Perhaps the single individual who inquired is the only one curious about my background. Having been brought up in a strongly anti-academic counter-cultural tradition yet loving the close reading of poetry and every language in which it has been written, dead and alive, I have always divided my time between the research library and the street. Neither has an exclusive title to literature.
This is by no means an outline of an autobiography. It says nothing about non-literary aspects of my life.
William Seaton was born August 13, 1946 in Sioux City. His parents were both from rural Iowa. His father, a lawyer, worked for Hartford Accident and Indemnity Co., ending his career as general counsel. His mother, a schoolteacher with a M.S. in counseling, encouraged her children’s education.
His family moved to Glen Ellyn near Chicago in 1954 where he attended public schools, graduating a year before his class in 1963. Reading the classics from an early age, he was also influenced by the Beats and by Donald Allen’s anthology The New American Poetry 1945-1960, which provided small press addresses through which even a suburban lad might obtain the poetry of his own American moment. During high school he also attended Paul Carroll’s Big Table reading series at Second City in Chicago. An Edmund J. James Scholar, he graduated from the University of Illinois, Champaign-Urbana in 1967 with a major in English and minors in Classical Greek and German. His senior honors thesis was on Christopher Smart’s Jubilate Agno.
During his undergraduate years he read his poetry in local venues and published in the “hip” issue of Oblique edited by Michael Holloway. He also read his poetry in local and college venues and appeared in a number of “happenings,” including one directed by dancer Terry Temener and another by John Cage.
During the six years following his graduation, Seaton traveled for nine months in Europe and Africa, crossed the USA a number of times, spending time in the Haight-Ashbury (including during the summer of ’67), worked as a VISTA volunteer in Chicago and Minneapolis and as an editor for Scott, Foresman (producing three years of the ACE English series). He also enrolled twice in graduate school only to withdraw, though not before study in the University of Iowa Translation Workshop under Anselm Hollo and Stavros Deligiorgis.
In the spring of 1973 he returned to the Haight in San Francisco where he read widely at such venues as the Intersection, the Mediterraneum, the Starry Plough, and Project Artaud. With Artful Goodtimes he produced the Wordriver event at the Blue Dolphin performance space. Goodtimes introduced him to Kush who had come to the city from New York to found Cloud House, a poetry storefront. Cloud House had readings most days, but it was unique in its program of street readings, exhibits of art including words, outreach to North Beach poets of the previous generation, and archives.
In 1978 he went to Nigeria where he spent a year teaching at Unity School in the hot and steamy bush of the Niger Delta. He then enrolled in the Comparative Literature Program at the University of Iowa. Iowa’s program was heavily theoretical and post-structuralist. The student was expected to discuss Derrida, Barthes, and de Man, and only rarely to descend from the empyrean to comment on an actual text. For Seaton, who had eschewed criticism in general, it was an initiation, yet, working under the direction of Stavros Deligiorgis, he eventually produced a thesis on the Transformation of Convention in the Medieval European Love Lyric. During these years he published several scholarly essays, presented many research papers at professional meetings, passed his comprehensive examinations (including one on “all English poetry from Old English to the present”), yet failed to defend his dissertation successfully.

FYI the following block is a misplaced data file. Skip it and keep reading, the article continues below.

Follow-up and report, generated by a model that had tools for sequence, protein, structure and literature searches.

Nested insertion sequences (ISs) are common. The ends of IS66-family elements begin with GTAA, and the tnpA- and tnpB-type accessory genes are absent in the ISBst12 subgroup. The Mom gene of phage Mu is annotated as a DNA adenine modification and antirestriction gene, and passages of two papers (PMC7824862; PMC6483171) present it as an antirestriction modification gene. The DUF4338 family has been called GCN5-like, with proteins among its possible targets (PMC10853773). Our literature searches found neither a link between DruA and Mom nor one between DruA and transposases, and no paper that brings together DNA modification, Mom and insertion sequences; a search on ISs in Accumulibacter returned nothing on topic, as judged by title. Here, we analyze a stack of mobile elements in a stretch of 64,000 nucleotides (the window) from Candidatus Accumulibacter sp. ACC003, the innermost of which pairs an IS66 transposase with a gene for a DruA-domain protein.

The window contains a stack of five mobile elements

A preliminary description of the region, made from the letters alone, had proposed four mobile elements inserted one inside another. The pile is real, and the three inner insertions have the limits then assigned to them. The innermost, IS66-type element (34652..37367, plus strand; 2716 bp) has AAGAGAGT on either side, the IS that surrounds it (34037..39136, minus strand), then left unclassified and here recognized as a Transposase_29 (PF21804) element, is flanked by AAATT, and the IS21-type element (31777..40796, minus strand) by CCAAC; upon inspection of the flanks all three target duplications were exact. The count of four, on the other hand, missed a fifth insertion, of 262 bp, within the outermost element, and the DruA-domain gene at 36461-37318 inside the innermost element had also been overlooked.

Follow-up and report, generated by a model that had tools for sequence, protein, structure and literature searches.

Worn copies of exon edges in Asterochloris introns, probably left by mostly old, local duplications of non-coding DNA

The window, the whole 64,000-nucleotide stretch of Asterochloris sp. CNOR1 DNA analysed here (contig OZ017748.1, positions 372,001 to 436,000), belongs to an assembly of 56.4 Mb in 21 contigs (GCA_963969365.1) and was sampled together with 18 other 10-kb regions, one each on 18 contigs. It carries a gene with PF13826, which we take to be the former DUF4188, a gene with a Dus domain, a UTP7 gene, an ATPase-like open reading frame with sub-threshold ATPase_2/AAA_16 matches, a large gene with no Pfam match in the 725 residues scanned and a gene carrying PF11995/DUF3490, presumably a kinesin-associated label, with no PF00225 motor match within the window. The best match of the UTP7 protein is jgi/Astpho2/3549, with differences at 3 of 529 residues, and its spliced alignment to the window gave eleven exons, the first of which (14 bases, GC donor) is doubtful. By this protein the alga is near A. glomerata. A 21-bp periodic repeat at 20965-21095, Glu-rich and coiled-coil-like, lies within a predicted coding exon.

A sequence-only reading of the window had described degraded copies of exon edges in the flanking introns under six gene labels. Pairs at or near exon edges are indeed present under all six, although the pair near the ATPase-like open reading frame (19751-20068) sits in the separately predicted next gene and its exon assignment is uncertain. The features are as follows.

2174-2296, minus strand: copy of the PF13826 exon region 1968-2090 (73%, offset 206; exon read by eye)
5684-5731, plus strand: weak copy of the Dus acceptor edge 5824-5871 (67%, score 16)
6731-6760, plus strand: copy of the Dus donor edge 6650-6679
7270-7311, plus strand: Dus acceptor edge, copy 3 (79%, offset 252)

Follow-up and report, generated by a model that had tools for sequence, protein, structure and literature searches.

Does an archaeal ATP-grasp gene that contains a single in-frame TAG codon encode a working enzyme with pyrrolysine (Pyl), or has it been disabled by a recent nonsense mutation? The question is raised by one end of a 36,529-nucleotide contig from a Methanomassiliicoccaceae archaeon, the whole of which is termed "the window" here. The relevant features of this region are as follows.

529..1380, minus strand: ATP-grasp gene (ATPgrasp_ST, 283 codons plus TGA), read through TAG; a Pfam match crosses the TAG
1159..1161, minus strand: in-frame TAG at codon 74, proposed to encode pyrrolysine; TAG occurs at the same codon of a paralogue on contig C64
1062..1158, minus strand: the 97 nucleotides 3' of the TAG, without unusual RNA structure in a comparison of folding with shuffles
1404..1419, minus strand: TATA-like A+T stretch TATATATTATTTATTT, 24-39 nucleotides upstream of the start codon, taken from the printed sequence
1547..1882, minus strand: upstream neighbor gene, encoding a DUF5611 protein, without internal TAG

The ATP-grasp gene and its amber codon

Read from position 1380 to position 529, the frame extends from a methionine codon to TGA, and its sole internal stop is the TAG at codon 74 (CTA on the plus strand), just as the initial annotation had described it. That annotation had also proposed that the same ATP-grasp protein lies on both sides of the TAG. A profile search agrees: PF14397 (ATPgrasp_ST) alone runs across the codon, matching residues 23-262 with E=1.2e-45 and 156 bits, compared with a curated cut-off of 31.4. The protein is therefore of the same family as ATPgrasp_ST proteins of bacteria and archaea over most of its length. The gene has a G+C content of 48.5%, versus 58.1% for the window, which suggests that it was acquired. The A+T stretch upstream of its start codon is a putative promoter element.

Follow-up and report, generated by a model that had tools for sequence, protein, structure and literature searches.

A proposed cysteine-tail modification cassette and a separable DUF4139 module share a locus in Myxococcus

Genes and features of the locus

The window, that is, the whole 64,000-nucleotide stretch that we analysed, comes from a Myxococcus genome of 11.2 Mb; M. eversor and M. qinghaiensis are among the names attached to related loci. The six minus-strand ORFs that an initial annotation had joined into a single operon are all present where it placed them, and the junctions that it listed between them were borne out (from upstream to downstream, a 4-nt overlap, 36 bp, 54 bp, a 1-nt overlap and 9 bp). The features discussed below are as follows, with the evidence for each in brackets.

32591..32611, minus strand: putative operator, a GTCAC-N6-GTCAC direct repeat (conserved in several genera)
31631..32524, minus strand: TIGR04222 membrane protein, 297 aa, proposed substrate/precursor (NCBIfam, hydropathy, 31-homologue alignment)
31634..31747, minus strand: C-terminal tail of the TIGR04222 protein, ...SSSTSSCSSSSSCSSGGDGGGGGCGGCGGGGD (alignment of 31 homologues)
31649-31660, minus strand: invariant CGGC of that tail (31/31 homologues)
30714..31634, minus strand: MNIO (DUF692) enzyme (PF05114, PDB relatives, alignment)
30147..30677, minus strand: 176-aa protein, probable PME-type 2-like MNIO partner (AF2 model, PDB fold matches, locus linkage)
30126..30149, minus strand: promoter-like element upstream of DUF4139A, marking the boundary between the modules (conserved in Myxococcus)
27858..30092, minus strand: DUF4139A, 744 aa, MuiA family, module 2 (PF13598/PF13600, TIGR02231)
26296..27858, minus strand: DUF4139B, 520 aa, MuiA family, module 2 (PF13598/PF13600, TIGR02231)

His artistic activity in Iowa City included producing Words in the Air for the university’s cable station and participating in several experimental events, including outdoor performances and a late-night Electronic Poetry Shotgun (also on cable television).
In 1985 he accepted a position as medievalist at Long Island University in Brooklyn, though the post was eliminated three years later. He then taught on a one-year appointment at Adelphi University, after which he acquired a leaching certificate and worked in Brooklyn high schools. Since 1992 he has lived in the Hudson Valley where he has taught on adjunct appointments for SUNY New Paltz, SUNY Orange, and other universities. His Poetry on the Loose Reading/Performance Series has presented readings and other events since 1993. In 2009 he was a founder of the Northeast Poetry Center and its College of Poetry where he continues to teach. He is also active in the Seligmann Center for the Arts where he has presented the two Surreal Cabarets of performance events, the second co-curated by David Horton.
He reads his work frequently in the Hudson Valley and, within the last decade, in Budapest, Kathmandu, Prague, and London as well. His poetry, translations, and criticism have been widely published in journals, chapbooks, anthologies, and online. His Spoor of Desire: Selected Poems was published in 2008 by FootHills.
He is the recipient of the Helen Fairall Scholarship Award in Comparative Literature, the Ada Louise Ballard Fellowship in the Humanities, numerous public and private grants, and two Pushcart Prize nominations.